Agricultural Heritage & Agritourism
The oldest orchards in Colorado are here! The first apple trees (brought across the Great Plains in oxcarts) were planted in the Florence area by Jesse Frazer in the late 1860’s and later by Italian families, along with grapes in Spring Creek/Brookside area. The Arkansas River and its streams were the source of early irrigation works and the area’s elevation, climate, sheltering hills and tillable soil provided a good setting for orchards, farms and ranches.
Initial markets for Fremont County’s agricultural products included early Colorado mining camps, such as Cripple Creek and Leadville, for fresh fruit, vegetables, dairy products, meat and other provisions. By 1888 total fruit shipments from Fremont County were over 700,000 pounds of primarily apples but also including pears, grapes, plums, peaches, strawberries and other berries. Fremont County’s 40,000 bushels of apples, compare to that year’s production of 60,000 bushels for the entire state!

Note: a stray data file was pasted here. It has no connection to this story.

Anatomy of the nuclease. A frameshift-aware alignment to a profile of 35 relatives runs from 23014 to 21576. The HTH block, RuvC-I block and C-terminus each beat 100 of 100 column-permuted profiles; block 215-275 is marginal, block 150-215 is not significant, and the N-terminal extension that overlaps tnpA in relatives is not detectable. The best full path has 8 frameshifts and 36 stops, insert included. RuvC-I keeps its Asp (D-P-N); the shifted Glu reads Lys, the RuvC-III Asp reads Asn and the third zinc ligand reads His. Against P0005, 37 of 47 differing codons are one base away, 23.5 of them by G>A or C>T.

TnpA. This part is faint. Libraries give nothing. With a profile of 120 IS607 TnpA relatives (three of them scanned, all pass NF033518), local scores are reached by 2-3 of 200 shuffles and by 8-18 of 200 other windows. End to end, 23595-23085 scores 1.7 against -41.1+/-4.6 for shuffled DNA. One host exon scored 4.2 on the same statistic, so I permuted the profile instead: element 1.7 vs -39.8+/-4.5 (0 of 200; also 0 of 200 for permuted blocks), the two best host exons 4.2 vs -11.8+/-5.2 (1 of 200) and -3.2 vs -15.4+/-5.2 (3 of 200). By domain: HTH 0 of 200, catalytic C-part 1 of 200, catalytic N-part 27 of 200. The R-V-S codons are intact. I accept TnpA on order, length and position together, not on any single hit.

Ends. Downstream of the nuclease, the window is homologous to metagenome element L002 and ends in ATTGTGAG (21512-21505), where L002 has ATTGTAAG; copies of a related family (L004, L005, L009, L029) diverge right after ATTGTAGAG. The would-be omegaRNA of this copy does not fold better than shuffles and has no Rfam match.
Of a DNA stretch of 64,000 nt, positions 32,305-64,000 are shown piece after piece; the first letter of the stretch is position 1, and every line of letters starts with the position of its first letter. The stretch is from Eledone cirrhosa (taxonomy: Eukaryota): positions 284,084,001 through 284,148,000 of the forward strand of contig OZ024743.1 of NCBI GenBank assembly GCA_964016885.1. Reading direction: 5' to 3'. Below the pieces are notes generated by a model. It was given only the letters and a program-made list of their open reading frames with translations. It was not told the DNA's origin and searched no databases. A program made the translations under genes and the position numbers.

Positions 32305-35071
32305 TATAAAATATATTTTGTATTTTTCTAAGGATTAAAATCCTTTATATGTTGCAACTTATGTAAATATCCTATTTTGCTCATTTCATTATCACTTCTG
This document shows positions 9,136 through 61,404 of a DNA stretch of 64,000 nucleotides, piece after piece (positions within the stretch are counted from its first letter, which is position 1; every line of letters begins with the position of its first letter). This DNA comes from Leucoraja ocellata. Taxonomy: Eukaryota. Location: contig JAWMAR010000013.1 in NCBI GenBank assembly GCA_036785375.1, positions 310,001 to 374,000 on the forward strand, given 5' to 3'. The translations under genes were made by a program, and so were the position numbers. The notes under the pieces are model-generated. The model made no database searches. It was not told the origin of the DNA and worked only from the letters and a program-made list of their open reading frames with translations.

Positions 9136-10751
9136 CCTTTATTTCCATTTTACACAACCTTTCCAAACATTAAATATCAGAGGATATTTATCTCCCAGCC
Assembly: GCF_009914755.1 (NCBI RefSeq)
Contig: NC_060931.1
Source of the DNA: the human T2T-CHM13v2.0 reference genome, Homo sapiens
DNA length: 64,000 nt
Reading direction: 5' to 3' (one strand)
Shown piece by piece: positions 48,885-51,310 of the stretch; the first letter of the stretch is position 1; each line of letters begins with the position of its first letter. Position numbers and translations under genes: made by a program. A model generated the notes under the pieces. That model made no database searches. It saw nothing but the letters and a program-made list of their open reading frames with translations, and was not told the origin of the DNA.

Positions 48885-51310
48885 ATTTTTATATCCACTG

Private investment stimulated the development of the agricultural industry, providing irrigation canals, storage reservoirs, and land preparation. By 1893 over 45,000 acres of land was in agricultural production. Irrigation was provided by 13 canals from the Arkansas River, Grape Creek, etc. Businessmen, schoolteachers and other residents had small orchards or gardens producing fruit, berries and other crops for seasonal sale as supplemental income. Italian workers enjoyed a taste of their home country thru wine from grapevines they grew as a family tradition.
Associated enterprises like packing houses, flour mills, an ice plant, a Libby-McNeil-Libby pickle plant, cider mills, a creamery, soda bottling companies prospered. In 1905, Armour & Company of Chicago marketed Fremont County fruit and produce in major cities from Coast-to-Coast as part of their extensive distribution network. An average of 800 rail cars (some refrigerated) per year of agricultural products were shipped to market.